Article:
56

I stumbled across the following code:

for i,a in enumerate(attributes):
   labels.append(Label(root, text = a, justify = LEFT).grid(sticky = W))
   e = Entry(root)
   e.grid(column=1, row=i)
   entries.append(e)
   entries[i].insert(INSERT,"text to insert")

I don't understand the 'i,a' bit and searching google for information on 'for' is a pain in the bum and when I try and experement with the code I get the error:

ValueError: need more than 1 value to unpack

Does anyone know what it does or something to do with it that I can google to learn more?

103

You could google on "tuple unpacking". This can be used in various places in Python. The simplest is in assignment

>>> x = (1,2)
>>> a, b = x
>>> a
1
>>> b
2

In a for loop it works similarly. If each element of the iterable is a tuple, then you can specify two variables and each element in the loop will be unpacked to the two.

>>> x = [(1,2), (3,4), (5,6)]
>>> for item in x:
...     print "A tuple", item
A tuple (1, 2)
A tuple (3, 4)
A tuple (5, 6)
>>> for a, b in x:
...     print "First", a, "then", b
First 1 then 2
First 3 then 4
First 5 then 6

The enumerate function creates an iterable of tuples, so it can be used this way.

  • Simple and awesome! – amalik2205 Jan 13 at 17:28
16

Enumerate basically gives you an index to work with in the for loop. So:

for i,a in enumerate([4, 5, 6, 7]):
    print i, ": ", a

Would print:

0: 4
1: 5
2: 6
3: 7
5

Take this code as an example:

elements = ['a', 'b', 'c', 'd', 'e']
index = 0

for element in elements:
  print element, index
  index += 1

You loop over the list and store an index variable as well. enumerate() does the same thing, but more concisely:

elements = ['a', 'b', 'c', 'd', 'e']

for index, element in enumerate(elements):
  print element, index

The index, element notation is required because enumerate returns a tuple ((1, 'a'), (2, 'b'), ...) that is unpacked into two different variables.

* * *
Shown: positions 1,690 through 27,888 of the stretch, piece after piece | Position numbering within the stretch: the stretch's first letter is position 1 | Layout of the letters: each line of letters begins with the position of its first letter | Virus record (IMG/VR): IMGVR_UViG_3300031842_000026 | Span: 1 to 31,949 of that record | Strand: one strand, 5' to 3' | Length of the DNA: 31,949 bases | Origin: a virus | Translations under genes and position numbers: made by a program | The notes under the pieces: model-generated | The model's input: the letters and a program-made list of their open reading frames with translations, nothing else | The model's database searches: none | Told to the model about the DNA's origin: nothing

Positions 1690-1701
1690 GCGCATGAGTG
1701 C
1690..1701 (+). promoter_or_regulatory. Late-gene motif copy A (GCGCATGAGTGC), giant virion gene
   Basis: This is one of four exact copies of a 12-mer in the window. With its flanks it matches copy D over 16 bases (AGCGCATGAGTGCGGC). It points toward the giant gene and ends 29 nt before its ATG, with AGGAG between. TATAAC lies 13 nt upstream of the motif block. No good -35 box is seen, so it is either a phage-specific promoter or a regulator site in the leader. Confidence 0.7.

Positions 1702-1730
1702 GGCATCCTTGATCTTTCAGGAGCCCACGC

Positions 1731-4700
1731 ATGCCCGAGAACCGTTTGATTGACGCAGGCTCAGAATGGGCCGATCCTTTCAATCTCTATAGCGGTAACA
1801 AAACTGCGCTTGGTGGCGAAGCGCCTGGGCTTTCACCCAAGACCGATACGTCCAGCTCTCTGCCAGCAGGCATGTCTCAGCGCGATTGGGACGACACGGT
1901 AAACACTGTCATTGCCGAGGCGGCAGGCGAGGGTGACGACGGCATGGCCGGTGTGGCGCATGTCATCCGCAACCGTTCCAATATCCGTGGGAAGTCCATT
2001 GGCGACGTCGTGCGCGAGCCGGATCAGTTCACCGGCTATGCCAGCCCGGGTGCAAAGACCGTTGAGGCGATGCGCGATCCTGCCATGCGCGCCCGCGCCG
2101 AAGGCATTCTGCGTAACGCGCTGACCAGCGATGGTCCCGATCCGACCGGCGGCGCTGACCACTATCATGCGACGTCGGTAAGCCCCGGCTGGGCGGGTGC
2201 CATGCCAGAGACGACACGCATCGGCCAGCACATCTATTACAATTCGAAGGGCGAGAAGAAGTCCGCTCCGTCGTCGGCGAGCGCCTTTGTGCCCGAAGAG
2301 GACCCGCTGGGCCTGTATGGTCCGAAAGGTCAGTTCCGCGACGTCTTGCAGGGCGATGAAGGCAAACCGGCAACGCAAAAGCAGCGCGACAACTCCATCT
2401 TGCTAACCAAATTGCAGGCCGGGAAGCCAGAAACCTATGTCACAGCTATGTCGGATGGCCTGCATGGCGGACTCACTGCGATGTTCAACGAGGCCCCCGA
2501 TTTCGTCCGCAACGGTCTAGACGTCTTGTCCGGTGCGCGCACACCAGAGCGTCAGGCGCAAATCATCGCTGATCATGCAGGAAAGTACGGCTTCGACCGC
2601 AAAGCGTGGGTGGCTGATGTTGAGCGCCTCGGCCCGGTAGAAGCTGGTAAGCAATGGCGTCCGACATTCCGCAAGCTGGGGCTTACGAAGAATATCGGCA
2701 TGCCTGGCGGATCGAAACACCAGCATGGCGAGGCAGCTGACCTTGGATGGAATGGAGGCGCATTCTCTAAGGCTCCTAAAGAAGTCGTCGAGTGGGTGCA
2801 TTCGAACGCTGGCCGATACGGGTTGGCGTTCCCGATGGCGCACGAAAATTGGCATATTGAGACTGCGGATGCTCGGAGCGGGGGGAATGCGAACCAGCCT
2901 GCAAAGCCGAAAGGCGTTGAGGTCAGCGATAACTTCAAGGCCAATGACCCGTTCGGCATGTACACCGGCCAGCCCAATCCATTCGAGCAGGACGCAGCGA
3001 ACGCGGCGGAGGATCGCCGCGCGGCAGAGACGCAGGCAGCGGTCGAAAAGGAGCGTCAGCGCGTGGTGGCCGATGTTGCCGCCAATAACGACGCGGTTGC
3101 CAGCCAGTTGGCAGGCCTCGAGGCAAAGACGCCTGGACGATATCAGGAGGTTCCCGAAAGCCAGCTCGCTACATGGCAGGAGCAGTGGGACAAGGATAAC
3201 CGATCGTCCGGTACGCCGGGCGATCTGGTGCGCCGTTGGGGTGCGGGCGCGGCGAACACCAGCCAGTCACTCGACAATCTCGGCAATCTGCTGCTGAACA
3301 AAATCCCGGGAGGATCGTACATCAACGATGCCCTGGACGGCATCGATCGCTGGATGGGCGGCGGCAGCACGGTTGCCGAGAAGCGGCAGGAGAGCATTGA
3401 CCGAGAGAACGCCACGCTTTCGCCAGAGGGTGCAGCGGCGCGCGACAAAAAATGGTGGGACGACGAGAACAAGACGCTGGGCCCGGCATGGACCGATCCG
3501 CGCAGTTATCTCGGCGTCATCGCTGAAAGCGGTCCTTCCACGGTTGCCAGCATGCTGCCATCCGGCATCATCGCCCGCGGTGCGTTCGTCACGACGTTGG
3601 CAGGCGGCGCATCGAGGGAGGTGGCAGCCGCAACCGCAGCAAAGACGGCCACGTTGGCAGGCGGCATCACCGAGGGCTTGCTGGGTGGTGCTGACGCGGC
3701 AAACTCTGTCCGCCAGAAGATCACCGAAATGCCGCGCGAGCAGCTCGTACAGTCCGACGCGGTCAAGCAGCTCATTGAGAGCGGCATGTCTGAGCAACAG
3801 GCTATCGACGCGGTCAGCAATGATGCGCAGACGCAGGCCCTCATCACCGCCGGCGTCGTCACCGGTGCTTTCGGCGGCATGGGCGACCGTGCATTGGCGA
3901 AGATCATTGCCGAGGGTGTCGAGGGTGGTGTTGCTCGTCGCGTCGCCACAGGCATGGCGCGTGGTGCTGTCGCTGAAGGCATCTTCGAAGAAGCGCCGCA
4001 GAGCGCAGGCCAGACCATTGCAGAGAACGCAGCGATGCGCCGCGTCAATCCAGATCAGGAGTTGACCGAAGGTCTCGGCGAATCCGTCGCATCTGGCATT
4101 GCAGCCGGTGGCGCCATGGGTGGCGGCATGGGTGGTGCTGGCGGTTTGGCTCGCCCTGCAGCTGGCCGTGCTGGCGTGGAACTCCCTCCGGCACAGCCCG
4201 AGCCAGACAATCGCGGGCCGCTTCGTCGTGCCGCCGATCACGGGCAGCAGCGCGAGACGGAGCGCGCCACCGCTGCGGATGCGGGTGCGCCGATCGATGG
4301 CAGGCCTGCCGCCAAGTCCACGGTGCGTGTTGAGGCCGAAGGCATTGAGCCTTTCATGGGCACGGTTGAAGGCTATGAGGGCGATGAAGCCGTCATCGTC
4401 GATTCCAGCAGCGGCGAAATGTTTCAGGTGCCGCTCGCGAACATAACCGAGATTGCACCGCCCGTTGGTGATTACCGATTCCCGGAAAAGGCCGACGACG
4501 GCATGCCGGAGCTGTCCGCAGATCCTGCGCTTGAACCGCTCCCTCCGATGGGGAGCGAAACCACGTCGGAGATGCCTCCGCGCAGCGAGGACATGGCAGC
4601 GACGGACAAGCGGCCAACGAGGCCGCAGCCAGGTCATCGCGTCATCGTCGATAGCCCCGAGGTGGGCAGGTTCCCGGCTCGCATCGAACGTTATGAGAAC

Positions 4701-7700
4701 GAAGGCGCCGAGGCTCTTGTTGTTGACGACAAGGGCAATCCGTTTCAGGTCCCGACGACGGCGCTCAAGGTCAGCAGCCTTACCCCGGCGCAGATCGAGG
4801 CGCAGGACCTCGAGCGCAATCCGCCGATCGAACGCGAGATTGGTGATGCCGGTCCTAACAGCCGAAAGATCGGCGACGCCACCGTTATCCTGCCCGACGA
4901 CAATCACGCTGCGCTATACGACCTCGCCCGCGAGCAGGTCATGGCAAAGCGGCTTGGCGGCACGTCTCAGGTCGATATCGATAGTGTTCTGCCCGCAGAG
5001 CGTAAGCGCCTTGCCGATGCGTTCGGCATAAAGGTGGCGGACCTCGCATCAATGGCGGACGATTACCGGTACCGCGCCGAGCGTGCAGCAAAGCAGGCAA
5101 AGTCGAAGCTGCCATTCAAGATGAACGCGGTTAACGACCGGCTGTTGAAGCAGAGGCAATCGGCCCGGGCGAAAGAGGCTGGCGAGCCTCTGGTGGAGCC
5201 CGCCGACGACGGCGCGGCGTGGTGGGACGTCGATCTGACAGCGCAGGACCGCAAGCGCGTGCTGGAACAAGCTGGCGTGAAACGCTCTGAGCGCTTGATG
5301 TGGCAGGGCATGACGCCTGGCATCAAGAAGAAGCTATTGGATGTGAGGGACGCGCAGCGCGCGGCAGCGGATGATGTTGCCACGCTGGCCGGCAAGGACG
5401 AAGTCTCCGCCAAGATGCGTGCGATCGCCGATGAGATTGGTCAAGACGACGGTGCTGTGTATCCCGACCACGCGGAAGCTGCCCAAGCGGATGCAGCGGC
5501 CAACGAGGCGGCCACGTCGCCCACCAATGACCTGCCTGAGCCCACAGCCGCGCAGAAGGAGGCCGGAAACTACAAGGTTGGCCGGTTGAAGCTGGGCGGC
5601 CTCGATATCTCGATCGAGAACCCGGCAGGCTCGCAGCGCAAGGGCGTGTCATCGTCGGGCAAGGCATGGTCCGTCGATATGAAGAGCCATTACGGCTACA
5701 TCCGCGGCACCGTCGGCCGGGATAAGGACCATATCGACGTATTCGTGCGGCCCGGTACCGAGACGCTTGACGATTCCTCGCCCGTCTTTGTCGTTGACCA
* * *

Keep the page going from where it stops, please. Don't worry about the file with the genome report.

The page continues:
4
[i for i in enumerate(['a','b','c'])]

Result:

[(0, 'a'), (1, 'b'), (2, 'c')]
  • 2
    Hello, Is there a name for this feature that you did here? Google doesn't seem to be fruitful. [i for i in enumerate(['a','b','c'])] – Zaid Khan Dec 7 '18 at 14:06
  • This is called a list comprehension – lhasson Sep 25 '19 at 22:16
1

The enumerate function returns a generator object which, at each iteration, yields a tuple containing the index of the element (i), numbered starting from 0 by default, coupled with the element itself (a), and the for loop conveniently allows you to access both fields of those generated tuples and assign variable names to them.

1

Short answer, unpacking tuples from a list in a for loop works. enumerate() creates a tuple using the current index and the entire current item, such as (0, ('bob', 3))

I created some test code to demonstrate this:

    list = [('bob', 3), ('alice', 0), ('john', 5), ('chris', 4), ('alex', 2)]

    print("Displaying Enumerated List")
    for name, num in enumerate(list):
        print("{0}: {1}".format(name, num))

    print("Display Normal Iteration though List")
    for name, num in list:
        print("{0}: {1}".format(name, num))

The simplicity of Tuple unpacking is probably one of my favourite things about Python :D

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